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How to slash CO2 in home improvement projects

Steve Webb

Home extension projects can be very heavy on embodied carbon, but there are greener ways to manage the load – and they’re cheaper too (drawing downloadable below)

Steve Webb advises how to cut carbon in typical domestic projects - high resolution drawing downloadable at the bottom of this page. Credit: Steve Webb
Steve Webb advises how to cut carbon in typical domestic projects - high resolution drawing downloadable at the bottom of this page. Credit: Steve Webb

We hear so many complaints about the number of steels or the size of the footings in domestic refurbishment projects, but how can you do this kind of work without racking up a big bill and a big carbon footprint?

Let’s consider a typical Victorian terraced house (1). The owner wants a dormer, a closet wing extension (2) with a through lounge and to take out the chimney breast.

The usual practice, starting from the top, is to span steels from party wall to party wall and under the chimney (3) and support a new floor between them, totally ignoring the load bearing spine wall and ceiling joists. The dormer is dealt with in the same way, full width steels (4) and probably a moment frame to the back. Further down in the building a through lounge opening is added with a steel lintel. The rear facade is removed at ground and replaced with a steel box frame (6) which also supports the upper closet wing. The back of the back extension is supported on a steel portal (7) also needing to take wind load. Finally, because the site is on clay, 1.5m x 0.6m wide trench footings are dug in around the perimeter spanned by a 200mm slab (8).

There is an alternative. Re-use the existing ceiling joists and carry the loft conversion load down the spine wall. The spine wall has carried the roof load and a loft full of junk for 100 years, so why not? The existing 100mm ceiling joists aren’t strong enough so either double them up with bigger joists, or, for more head room, screw a ply deck to the existing joists, strengthening them with a stressed skin (9).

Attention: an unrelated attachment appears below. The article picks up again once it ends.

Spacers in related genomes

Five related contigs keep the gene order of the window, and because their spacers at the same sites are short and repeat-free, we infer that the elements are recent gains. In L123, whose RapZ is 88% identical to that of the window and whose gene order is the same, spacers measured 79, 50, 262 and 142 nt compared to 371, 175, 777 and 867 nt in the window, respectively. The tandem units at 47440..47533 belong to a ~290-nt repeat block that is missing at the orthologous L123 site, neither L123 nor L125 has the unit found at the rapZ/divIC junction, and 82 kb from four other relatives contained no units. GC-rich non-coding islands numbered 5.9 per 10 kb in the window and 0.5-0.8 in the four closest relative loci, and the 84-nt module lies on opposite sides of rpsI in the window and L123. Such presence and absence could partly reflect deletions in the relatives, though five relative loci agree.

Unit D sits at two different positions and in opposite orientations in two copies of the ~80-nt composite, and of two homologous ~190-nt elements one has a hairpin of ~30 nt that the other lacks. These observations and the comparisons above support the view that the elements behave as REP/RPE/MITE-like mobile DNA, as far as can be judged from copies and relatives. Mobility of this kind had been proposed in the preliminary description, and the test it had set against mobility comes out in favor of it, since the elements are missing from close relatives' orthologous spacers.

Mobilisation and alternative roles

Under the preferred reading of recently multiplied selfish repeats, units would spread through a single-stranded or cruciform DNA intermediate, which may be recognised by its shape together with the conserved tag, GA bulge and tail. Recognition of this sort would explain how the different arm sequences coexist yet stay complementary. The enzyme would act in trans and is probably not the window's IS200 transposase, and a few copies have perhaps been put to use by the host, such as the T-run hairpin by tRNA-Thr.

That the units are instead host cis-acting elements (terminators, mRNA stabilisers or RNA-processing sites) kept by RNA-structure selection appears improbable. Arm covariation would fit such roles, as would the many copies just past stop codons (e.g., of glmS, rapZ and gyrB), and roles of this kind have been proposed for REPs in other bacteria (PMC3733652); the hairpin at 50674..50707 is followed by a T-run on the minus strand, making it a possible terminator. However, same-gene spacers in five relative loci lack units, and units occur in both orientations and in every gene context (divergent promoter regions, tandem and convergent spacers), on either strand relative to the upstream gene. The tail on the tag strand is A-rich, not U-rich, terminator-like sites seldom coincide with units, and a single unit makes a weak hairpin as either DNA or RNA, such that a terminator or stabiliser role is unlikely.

Prop up the front rafters and add stiffness to the floor by making the framing for the eaves cupboard a ply web girder (10). Use the fold in the roof and a couple of 200 x 50s to carry the ridge (11). Hold the chimney breasts up on a timber cross beam – it doesn’t carry all the load of the chimney because the bricks corbel out. Make the rear of the dormer a portal frame using timbers (13) with a steel elbow for wind restraint.

The through lounge (14) can easily be achieved in timber as the wall above is light and the spans short. Make a timber portal frame for the rear facade (15). In a house like this it will need perhaps three 360 x 75 LVL beams, with a hidden flitch plate – designed to carry just the wind moments (not the dead load moments which would require too many screws) by screwing the plate after the wall load is transferred. The closet wing can be supported on more LVL beams (16) – orienting them in this way means you won’t need to needle and prop the wall, which will save time and cost. The timbers don’t need additional fire protection due to charring resistance and so can be left exposed.

Most Victorian houses have timber ground floors. Properly ventilated and drained they can last forever, so why bother with a heavy slab, just build a suspended timber floor (17). Finally, now your extension is as light as a feather, if you clad the boundary walls in tiles instead of bricks (for example) you can ditch all footings in favour of hand driven oak mini piles (18). A hand shear vane can be used to estimate soil load capacity and a geotechnical engineer can easily calculate the capacity. In normal London clay you might expect a 2m, 100 square pile to carry 2t (a lot relative to a small extension).

The piles can be driven in by the builder (not a piling specialist) using a £300 petrol powered fence post driver by driving a pilot hole with a steel pole first and then pulling it out and driving in the oak one. A big saving on digging and concrete, and really fast! 


I’m convinced that many builders would prefer to build this way. It’s cheaper, its quicker to build and it creates far less disturbance: no digging, no concrete deliveries, no cranes for steels, just the gentle tap, tap, tap of carpenters.

It’s quite difficult to find the data on how much residential extension work is carried out in the UK each year. If I had to put a rough number to it I would say of the 40 houses in my ordinary Willesden street, five have converted their lofts in the last three years (4% annually). If there are say 12m houses in the uk and only 1% do an extension or a loft annually that’s 120,000 lofts and extensions. If each of those reduced the job by 15t of CO2 that would amount to 1.8m tonnes of CO2 – 0.5% of the UK’s total emissions.

Steve Webb is co-founder of Webb Yates Engineers



3t Less steel = 7t Less CO2
50t Less concrete = 7.5t Less CO2
0.5t More timber = 0.6t net sequestered CO2
TOTAL 15t Less CO2



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